Using OptionStrat’s Options Profit Calculator

When trading options, it’s important to understand the characteristics of your options strategy. An options profit calculator like OptionStrat is used to find the potential profit and loss at various prices, as well as show how your trade is affected by implied volatility (IV), time decay, and other factors. This article walks through how to set up a simple options trade on OptionStrat to visualize its profit and loss.

Setting up a trade

To explain how OptionStrat works, lets use a simple call as an example. On OptionStrat, you can can open a new call from the main page, or by clicking “Long Call” in the strategy menu. “Long” just means you are buying the call to open your position, as opposed to selling it.

For our stock, we will use GME (GameStop) which has seen a huge spike over the past few days. Will it keep going up? I’m not sure, but we’ll see what happens when it opens Tuesday after the long weekend.

Let’s pretend you do know something though (seriously, you should have a good idea on why it’s going to move – but we’ll save research for another post). You think GME is going to continue on it’s path to the moon 🚀, so you choose to buy a call.

Using the profit calculator table and chart

OptionStrat defaults to a call near the current price of the stock, and to a strike about three weeks out. In this case, that is the $30 strike GME call for February 5th 2021. We will keep things where they are for now and explain the profit table, which is the heart of OptionStrat.

Tutorial 1

Screenshot of the profit and loss table

This table shows the expected profit and loss of your trade at various prices and dates. As you can see, if GME goes up 10% tomorrow to $39, we expect a profit of 32%. If GME stays at $39 by the time the contract expires, it will be worth significantly less since long calls and puts lose value as time passes (known as theta or time decay).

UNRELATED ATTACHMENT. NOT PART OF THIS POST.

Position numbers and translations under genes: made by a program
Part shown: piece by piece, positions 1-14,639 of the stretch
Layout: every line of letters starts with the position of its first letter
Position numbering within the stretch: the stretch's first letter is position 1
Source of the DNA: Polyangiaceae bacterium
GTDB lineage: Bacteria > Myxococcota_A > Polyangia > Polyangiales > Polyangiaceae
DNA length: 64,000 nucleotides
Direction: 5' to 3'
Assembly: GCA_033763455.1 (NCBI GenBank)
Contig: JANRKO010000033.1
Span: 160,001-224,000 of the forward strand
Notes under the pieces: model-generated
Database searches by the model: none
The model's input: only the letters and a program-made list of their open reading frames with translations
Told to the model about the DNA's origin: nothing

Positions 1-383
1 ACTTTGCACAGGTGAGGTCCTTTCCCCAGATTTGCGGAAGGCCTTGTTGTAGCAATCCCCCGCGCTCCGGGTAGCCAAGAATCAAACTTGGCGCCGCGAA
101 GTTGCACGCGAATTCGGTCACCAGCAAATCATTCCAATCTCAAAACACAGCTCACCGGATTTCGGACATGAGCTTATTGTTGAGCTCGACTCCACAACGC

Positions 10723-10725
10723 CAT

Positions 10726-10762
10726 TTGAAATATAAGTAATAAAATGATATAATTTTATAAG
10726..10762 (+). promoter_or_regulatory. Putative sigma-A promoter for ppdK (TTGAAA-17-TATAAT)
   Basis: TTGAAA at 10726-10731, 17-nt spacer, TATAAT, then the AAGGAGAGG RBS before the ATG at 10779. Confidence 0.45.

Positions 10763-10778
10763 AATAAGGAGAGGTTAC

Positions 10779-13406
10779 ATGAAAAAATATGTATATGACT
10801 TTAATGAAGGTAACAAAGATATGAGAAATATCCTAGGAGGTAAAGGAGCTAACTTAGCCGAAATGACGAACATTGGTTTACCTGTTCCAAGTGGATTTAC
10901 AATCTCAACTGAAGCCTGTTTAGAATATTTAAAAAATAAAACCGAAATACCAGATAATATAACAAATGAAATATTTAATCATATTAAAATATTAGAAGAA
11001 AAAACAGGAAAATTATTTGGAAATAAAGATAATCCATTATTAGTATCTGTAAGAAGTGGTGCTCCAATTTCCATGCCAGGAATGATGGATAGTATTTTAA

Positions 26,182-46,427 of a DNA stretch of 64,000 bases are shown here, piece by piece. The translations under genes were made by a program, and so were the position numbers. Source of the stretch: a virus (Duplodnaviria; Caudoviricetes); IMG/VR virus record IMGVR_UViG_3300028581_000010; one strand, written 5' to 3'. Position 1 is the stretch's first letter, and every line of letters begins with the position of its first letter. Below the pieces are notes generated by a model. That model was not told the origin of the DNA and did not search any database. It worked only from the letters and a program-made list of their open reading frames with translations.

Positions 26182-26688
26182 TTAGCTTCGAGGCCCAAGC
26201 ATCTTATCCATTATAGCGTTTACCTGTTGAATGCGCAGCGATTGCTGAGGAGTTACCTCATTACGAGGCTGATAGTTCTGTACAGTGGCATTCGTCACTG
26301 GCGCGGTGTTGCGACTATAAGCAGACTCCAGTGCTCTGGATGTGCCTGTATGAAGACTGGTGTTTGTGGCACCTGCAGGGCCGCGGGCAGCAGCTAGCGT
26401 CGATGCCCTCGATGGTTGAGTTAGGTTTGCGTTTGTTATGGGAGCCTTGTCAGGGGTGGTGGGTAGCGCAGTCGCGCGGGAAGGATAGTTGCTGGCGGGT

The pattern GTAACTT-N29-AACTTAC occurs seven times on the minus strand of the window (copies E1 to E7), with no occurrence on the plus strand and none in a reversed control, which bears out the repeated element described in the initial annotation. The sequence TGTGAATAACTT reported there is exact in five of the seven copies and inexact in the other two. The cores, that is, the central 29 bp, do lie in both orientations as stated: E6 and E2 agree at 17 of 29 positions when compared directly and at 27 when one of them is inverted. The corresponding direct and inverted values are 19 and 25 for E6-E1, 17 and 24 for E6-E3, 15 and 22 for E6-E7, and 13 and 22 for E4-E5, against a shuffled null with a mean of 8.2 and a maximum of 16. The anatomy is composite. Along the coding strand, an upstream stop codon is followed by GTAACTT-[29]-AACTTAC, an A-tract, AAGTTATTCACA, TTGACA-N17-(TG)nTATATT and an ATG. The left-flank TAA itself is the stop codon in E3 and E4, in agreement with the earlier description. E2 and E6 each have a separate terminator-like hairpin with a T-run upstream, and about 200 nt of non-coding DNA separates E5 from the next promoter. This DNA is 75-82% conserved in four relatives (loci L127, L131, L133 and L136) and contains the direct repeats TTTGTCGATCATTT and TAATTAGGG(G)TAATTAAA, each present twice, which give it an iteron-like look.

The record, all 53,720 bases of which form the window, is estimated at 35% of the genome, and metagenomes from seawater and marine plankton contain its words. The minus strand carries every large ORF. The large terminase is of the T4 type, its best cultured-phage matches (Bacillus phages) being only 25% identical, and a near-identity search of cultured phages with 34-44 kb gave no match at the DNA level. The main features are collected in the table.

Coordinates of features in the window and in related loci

You can choose between viewing the profit and loss in dollars or percent, as well as viewing the actual value of the contract by clicking the buttons below the table. Additionally you can switch to graph view by clicking the graph icon, which shows the profit and loss as a graph for the day that is selected. Think of this as essentially a chart of a single date instead of all days like the table shows. You can use this if you want to look at a specific date more closely.

Tutorial 2

Screenshot of the profit and loss graph at expiration

You can see from the chart that this call will be worthless upon expiration, unless GME is above $42.10. By dragging the days ’till expiration slider, you can see how the profit and loss shape looks for each day until expiration.

Choosing the right strike and expiration

Now that you know how to use the table and chart, you can experience the real power of OptionStrat as any adjustments you make to the trade are shown in real-time.

To change the expiration date, simply click another date on the expiration slider.

To change the strike, just drag the option to a different strike. You can also drag the entire strike slider to reveal additional strikes if they can’t all fit on screen.

Tutorial 3

OptionStrat also has a built in options optimizer, which does the hard work of searching through thousands of trades to find the trades with the highest return or highest chance of profit. You can open the optimizer here.

Reading the trade statistics

As you adjust the trade, you will also see the trade statistics change. These provide a quick view of some important characteristics about the trade such as the cost of it, the maximum profit and loss, and the chance of profit.

For a long call, the max loss will always be the price you paid for the option (the net debit, or cost). By dragging the strike, you can see that increasing the strike price will decrease your max loss, but also decrease your chance of profit. As with all strategies, the more risk you take, the more (potential) reward you get.

The statistics also show the breakeven price (or range), which is the price that the underlying stock needs to reach for your trade to be profitable on the expiration date.